Ius Gentium

University of Baltimore School of Law's Center for International and Comparative Law Fellows discuss international and comparative legal issues


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Is this the end of the ICC? No.

Paul Gora

Gambia is the smallest country in Africa with a total population 1.2 million and 4,363 square miles, which makes it slightly less than twice the size of state of Delaware. The Republic of The Gambia signed the Rome Statute on December 4, 1998 and ratified it on June 28, 2002, making it the earliest African country to ratify the treaty. Forty-seven African states were present for the drafting of the Rome Statute in July, 1998. Many of these countries were members of a like–minded group that pushed for adoption of the final statute, with the majority of the 47 voting in favor of adoption, which indicates their involvement in the negotiation and set up of the International Criminal Court.  Among those nations, South Africa, Senegal, Lesotho, Malawi, and Tanzania participated heavily in the discussion as early as 1993 when the International Law Commission presented a draft ICC statute to UN GA for consideration.[1]

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In light of the arrest warrant issued for Sudanese president’s Omar Al Bashir by ICC, there have been an allegations from some Arab and African leaders, as well as certain public figures, organizations, and academia criticizing the ICC as being a Western tool, designed to subjugate leaders of African continent and advance an imperialist/neo-colonial agenda. On the face of it, these criticism can be seen as plausible. The reality, however, is that these criticisms are misplaced, biased, increase and support impunity on the continent.

The recent decision by Gambia to withdraw from the ICC will have a consequential impact on the Court’s future in Africa because countries   like Algeria, Angola, Cameroon, Egypt, etc. who have signed, but not ratified the Rome Statute, may decide to never ratify and even revoke their signature. Such a mass withdrawal from the Court hurts, primarily, victims in these African states, as it denies them justice.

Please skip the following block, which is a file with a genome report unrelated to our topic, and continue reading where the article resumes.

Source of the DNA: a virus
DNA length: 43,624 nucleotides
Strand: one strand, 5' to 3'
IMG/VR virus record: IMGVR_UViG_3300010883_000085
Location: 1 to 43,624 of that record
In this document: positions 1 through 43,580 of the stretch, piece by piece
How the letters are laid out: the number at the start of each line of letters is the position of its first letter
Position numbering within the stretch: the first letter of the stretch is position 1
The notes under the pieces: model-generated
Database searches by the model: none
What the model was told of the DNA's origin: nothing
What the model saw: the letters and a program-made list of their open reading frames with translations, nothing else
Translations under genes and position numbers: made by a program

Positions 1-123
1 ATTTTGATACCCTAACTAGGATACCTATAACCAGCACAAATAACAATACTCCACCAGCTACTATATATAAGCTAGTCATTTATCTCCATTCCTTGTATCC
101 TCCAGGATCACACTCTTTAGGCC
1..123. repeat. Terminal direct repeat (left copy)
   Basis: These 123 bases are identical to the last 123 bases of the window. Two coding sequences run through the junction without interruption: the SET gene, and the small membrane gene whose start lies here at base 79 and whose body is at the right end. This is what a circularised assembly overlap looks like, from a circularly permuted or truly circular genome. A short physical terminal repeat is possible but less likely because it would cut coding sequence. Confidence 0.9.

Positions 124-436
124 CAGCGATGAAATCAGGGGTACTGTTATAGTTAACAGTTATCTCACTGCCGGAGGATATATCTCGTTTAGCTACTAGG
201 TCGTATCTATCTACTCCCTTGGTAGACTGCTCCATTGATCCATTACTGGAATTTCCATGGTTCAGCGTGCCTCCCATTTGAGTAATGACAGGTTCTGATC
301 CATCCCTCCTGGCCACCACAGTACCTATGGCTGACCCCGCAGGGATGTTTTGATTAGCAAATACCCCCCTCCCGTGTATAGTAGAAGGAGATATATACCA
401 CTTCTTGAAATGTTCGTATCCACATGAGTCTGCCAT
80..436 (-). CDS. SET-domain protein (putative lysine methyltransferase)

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IS THIS THE END OF THE COURT? 

It is not. International criminal justice has always had its ups and downs, but this will not be the end of the ICC as we know it. According to Article 127 of the Rome Statute, parties are free to leave as they want. Of course, the withdrawal of few states may send a wrong message to international community about the ICC, but, in the end, the ICC is there for the victims, not the ones in power who decide to enter or leave.

WILL THERE BE MASS WITHDRAWAL?

Probably not. This move by Gambia and the two others may have opened a gateway for other countries, but it does not necessarily mean that many African countries will leave. For instance, Gabon last Month referred a case to the ICC after deadly unrest occurred in the nation over disputed election results.[2]

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IS AFRICA UNFAIRLY SINGLED OUT?

Of the current 10 full investigations, nine are underway in 8 African nations. The reasons for these investigations are easy to accept – The victims are in Africa.  The alleged crimes occurred in Africa. Theses situation have been referred to the ICC by the countries themselves or these situations have been referred by the United Nations Security Council under a Chapter VII resolution. [3] The spin that is put on these cases – that the ICC is targeting Africa – is false. Other situations in other parts of the world are also under investigation in the preliminary phase, including the Middle East, South America, and Europe.[4]

Time will tell. The arc of the moral universe is, after all, long, but it bends towards justice in the end.

Paul Obang Gora is an LL.M. student in the Law of the United States (LOTUS) program at UB Law. He has an LL.B. from the Ethiopian Civil Service College, Addis Ababa (2000) and a certificate for six-months’ training for judges and prosecutors. He served as an assistant prosecutor in Ethiopia from 2001-2003, but fled to Kenya because of political persecution. He was a community organizer in the refugee camps in Kenya and then served in the new South Sudan Ministry of Justice as legal counsel from 2008-12, prior to emigrating to the U.S. Paul is on the Elective Concentration Track, specializing in International Law, and working as an intern with the International Rescue Committee. 

 

[1] http://www.iccnow.org/?mod=icchistory

 

[2] https://www.icc-cpi.int/Pages/item.aspx?name=160929-otp-stat-gabon

 

[3] https://www.icc-cpi.int/pages/situations.aspx

 

[4] https://www.icc-cpi.int/pages/preliminary-examinations.aspx

 

 

 

 

 

 

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